The Aphorisms of Franz Kafka.
Edited by Reiner Stach.
Translated by Shelley Frisch. Princeton University Press 2022.
When you think of the name Franz Kafka those famous and familiar titles, The Trial, The Castle, America, In the Penal Colony and Metamorphosis are the first to be hung round the nervous neck of Franz. Maybe a few more letters, parables and short stories have also helped define him in the public consciousness. But what of Franz Kafka’s aphorisms scattered throughout his writings? Can you bring them to mind?
Kafka’s style and obsessions have been designated, for the modernist movement, with the now universal term, Kafkaesque. It has passed into our language to convey how our 20th and now 21st sense of identity struggles within the moral indifference of a bureaucratically diseased world. How interesting that we identify with such deep pessimism about authority: that a writer’s anxiety should echo ours too. But no joy in our age. We don’t have a feeling of stability in which for example we can envisage a Chekhovian or Tolstoyian mindset – one hoping that history will still optimistically advance our progress in the face of war and the suffering of individual lives.
No. Kafka just gives you a wonderful existential disquiet: one that can be funny and bleakly absurd. Yet can Franz ‘console’ us? Impart advice or wisdom? Reading these puzzling aphorisms I felt them reaching out, far beyond any Kafkaesque sense of Franz. You will find his typical anxiety but also insight and fortitude (not exactly hopeful) into realising a spiritual life (but not religious). The Aphorisms of Franz Kafka is the first annotated bilingual volume of these writings. Many of the aphorisms are between 1-3 lines. Occasionally they are longer. Sometimes two aphorisms are grouped together. In total we have 109.
Aphorism 1. We begin on a precarious note.
‘The true path leads along a rope stretched, not high in the air, but barely above the ground. It seems designed more for stumbling than for walking along it.’
Aphorism 109. And end on a cautionary note.
‘It is necessary for you to leave the house. Stay at your table and listen. Don’t even listen; just wait; be utterly still and alone. The world will offer itself to you to be unmasked; it cannot do otherwise; it will writhe before you in ecstasy.’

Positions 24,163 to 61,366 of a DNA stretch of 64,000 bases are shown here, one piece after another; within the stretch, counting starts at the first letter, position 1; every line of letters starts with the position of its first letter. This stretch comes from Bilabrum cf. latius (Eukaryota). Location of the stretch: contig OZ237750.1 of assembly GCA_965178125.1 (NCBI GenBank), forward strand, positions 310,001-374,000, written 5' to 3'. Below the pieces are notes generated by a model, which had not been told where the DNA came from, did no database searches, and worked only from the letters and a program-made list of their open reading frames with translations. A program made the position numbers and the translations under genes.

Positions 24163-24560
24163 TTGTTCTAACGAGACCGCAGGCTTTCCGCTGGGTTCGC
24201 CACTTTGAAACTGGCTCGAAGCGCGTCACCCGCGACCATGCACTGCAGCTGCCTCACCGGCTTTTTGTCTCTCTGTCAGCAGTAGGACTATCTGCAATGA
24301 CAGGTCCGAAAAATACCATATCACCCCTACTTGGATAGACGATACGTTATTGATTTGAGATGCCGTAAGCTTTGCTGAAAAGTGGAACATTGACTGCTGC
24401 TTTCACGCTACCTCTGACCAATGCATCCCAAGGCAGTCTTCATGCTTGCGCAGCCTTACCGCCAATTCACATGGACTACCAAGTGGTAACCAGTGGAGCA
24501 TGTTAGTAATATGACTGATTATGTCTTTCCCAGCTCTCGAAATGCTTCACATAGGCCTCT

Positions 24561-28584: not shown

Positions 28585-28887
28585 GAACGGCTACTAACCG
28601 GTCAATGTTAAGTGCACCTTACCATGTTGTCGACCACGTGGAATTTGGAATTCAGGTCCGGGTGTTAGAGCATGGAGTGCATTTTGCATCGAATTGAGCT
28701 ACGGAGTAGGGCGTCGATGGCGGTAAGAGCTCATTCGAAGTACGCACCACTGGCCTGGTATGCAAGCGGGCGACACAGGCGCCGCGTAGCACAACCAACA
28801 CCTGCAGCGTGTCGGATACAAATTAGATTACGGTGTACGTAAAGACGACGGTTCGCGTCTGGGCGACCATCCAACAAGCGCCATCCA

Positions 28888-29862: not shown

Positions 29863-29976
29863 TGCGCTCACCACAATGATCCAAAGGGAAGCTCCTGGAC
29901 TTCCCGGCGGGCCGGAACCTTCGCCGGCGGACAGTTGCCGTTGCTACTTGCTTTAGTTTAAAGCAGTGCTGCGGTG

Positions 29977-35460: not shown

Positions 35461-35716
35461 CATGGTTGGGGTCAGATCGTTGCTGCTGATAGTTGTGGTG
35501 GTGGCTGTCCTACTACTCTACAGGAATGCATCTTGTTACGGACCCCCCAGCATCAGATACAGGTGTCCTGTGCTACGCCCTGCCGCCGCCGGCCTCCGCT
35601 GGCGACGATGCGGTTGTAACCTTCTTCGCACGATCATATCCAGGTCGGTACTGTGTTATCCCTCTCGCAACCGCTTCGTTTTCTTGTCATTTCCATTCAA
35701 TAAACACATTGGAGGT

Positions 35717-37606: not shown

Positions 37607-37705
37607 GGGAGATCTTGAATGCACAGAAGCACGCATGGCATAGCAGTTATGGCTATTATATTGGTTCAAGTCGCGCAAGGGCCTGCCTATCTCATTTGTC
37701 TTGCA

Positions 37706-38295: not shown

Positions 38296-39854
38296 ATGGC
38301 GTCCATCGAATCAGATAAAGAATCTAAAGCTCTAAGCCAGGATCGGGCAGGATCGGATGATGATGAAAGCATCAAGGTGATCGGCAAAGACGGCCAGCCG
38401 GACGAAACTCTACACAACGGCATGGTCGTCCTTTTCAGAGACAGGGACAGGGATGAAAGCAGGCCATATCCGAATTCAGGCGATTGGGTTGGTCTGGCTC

Alongside of 109 is a partnered aphorism about belief. This is not a religious conviction more a need to fully live and not negate “a well spring of belief?” Belief may be followed by a question mark testing the effort you make and require. However like aphorism (b) is Kafka being deeply ironic when he describes the world as writhing in ecstasy? I think he means that to arrive at this state you have to remain in solitude and contemplate what existence means for you. Kafka’s requirement that you “Stay at your table and listen.” reminds me of Flaubert who once said in a letter that all your troubles start after you leave the house, walk along the street and meet worried men and women.
I don’t intend in this review to crack open aphorisms. Editor Reiner Stach is doing that with far more words than Kafka has written. This is both admirably lucid and also exhausting. There were times when I didn’t want to refer to his notes but only savour the mystery of Kafka’s prose. Yet a guide is supplied and what Stach does excellently is place the aphorism in context. We learn what other Kafka texts it alludes to and the source of Kafka’s reading (Such as The Bible or Kierkegaard) whilst he was jotting down his thoughts.
In between the bookends of aphorism 1 and 109 (Supporting the continuity of the project and suggesting that Kafka intended the set to be published) are inviting and forbidding remarks – gnomic, cryptic, hermetic, amusing, depressing, hopeful and always illuminating. They cover the nature of evil, love, deception, freedom and much more.
I have to admit to being an enthusiast for the aphorism. Its condensed ‘truth’, brevity and philosophic message (Either as an aside or direct statement) is a necessary and healthy antidote to the cliché, platitude or over-worked proverb. My favourite writers of aphorisms are Oscar Wilde, Nietzsche and Theodor Adorno. Kafka can now join their great company. If there’s one aphorism that struck me as being appropriate for Kafka, in his examination of the self, to get at the truth, or heart of the matter, given how much knowledge we could bare to take, then it must be aphorism 63.
‘Our art is one of being bedazzled by truth: The light cast on the recoiling, contorted face is true, and nothing else is.’